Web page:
How can I get a stain out of a silk taffeta dress?

Updated February 21, 2017

The exemplary fabric of wedding dresses and other formal affair, silk taffeta is very delicate and easily stained. Perfumes, deodorant, make-up and hairspray threaten the fabric with permanent damage. Once set, it's very difficult to remove. That's why it's critical to clean the stain as soon as possible. Even a day's delay is too long to let a stain remain on a taffeta dress.

Take the taffeta dress to a dry cleaner's immediately after discovering the stain. Do not hand wash. Hand washing can permanently damage the silk by changing its look and feel.

Tell the dry cleaner about the stain and what the stain is, such as make-up, coffee, or another substance. Knowing the nature of the stain makes it easier to clean.

Inform the dry cleaner that the dress is silk. Not doing so may result in the dry cleaner placing the taffeta in with other materials like cotton that can damage your fabric.

Consider paying extra to have the dress cleaned at once if you are in a hurry or left the dress awhile before taking it to the dry cleaners. If a dry cleaner isn't available, follow the instructions in Section 2 to remove the stain yourself.

Moisten a towelette and dab the stain gently immediately upon discovering the stain.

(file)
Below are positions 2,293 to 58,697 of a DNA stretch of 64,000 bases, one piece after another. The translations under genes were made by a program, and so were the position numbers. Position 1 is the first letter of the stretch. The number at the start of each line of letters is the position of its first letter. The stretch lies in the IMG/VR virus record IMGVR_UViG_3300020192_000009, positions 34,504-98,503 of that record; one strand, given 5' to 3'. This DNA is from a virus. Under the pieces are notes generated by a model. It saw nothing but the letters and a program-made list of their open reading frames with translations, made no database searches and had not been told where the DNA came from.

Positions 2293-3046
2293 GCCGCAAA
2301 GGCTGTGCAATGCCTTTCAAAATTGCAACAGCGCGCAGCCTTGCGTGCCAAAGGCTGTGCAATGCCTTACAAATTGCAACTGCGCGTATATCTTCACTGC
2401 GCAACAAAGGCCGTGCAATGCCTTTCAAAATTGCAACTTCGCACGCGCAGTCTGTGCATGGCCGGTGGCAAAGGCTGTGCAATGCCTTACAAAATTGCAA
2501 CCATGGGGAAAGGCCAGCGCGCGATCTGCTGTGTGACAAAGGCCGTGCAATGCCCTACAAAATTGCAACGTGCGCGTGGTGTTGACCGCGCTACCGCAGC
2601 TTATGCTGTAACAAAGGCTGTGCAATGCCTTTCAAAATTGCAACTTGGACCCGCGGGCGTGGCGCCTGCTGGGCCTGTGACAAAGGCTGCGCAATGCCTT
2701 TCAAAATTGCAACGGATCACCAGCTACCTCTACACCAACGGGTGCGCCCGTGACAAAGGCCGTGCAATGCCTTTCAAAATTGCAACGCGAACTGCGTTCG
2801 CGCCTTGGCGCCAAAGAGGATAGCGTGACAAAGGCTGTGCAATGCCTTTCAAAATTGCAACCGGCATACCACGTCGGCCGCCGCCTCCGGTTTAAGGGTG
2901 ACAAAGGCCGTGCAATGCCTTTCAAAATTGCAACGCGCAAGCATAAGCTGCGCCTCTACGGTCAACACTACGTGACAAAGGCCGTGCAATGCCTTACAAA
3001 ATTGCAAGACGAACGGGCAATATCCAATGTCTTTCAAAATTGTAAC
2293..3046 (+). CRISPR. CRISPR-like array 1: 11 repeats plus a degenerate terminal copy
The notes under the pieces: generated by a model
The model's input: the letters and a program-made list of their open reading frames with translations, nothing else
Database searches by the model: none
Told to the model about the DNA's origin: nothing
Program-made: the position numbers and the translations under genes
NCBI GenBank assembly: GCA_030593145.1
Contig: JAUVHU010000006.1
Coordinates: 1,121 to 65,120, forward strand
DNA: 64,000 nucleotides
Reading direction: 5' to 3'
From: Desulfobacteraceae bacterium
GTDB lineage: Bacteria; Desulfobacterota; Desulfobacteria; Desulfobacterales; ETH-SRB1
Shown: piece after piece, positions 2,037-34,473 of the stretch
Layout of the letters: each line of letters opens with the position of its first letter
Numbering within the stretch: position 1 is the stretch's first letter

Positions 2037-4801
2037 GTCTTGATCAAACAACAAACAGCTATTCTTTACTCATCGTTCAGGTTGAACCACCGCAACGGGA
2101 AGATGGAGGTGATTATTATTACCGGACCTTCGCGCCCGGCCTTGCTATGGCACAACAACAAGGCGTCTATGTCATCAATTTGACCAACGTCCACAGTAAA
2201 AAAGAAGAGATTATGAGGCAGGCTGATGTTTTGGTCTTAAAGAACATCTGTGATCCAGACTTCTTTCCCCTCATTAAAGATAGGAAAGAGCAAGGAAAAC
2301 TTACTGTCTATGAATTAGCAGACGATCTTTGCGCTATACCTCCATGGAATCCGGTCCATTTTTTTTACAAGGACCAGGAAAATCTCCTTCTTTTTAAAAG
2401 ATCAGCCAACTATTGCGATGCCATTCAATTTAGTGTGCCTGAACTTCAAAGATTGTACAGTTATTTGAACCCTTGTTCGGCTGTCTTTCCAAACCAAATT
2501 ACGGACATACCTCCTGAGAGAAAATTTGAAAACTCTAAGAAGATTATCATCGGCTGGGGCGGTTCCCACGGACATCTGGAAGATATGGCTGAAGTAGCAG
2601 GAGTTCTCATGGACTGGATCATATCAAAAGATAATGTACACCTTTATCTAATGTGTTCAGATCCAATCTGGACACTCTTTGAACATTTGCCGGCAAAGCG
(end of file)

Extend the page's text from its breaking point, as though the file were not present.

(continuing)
Bathe the stain in warm water so long as the instructions on the dress's label permits hand washing.

Use a portable steamer to clean the stain out. Hold the steamer about 6 inches away or more for a few minutes. Dab the stain with a cloth.


Silk taffeta can discolour without being stained. Leaving it in sunlight will dull or blanch the fabric. Store the dress in a dark closet for best preservation.


Do not rub the stain. Rubbing damages the fibres of the fabric. Over-steaming the taffeta may leave iron or watermarks, which are expensive to get out.

Things You'll Need

  • Towelette
  • Portable steam cleaner
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About the Author

Matt Scheer began writing professionally in 2005. His work has appeared in "The Daily Texan" and "The New York Tribune." Scheer holds a B.A. in English and a B.A. in history, both from the University of Texas. He is also a certified Yoga teacher and Web designer.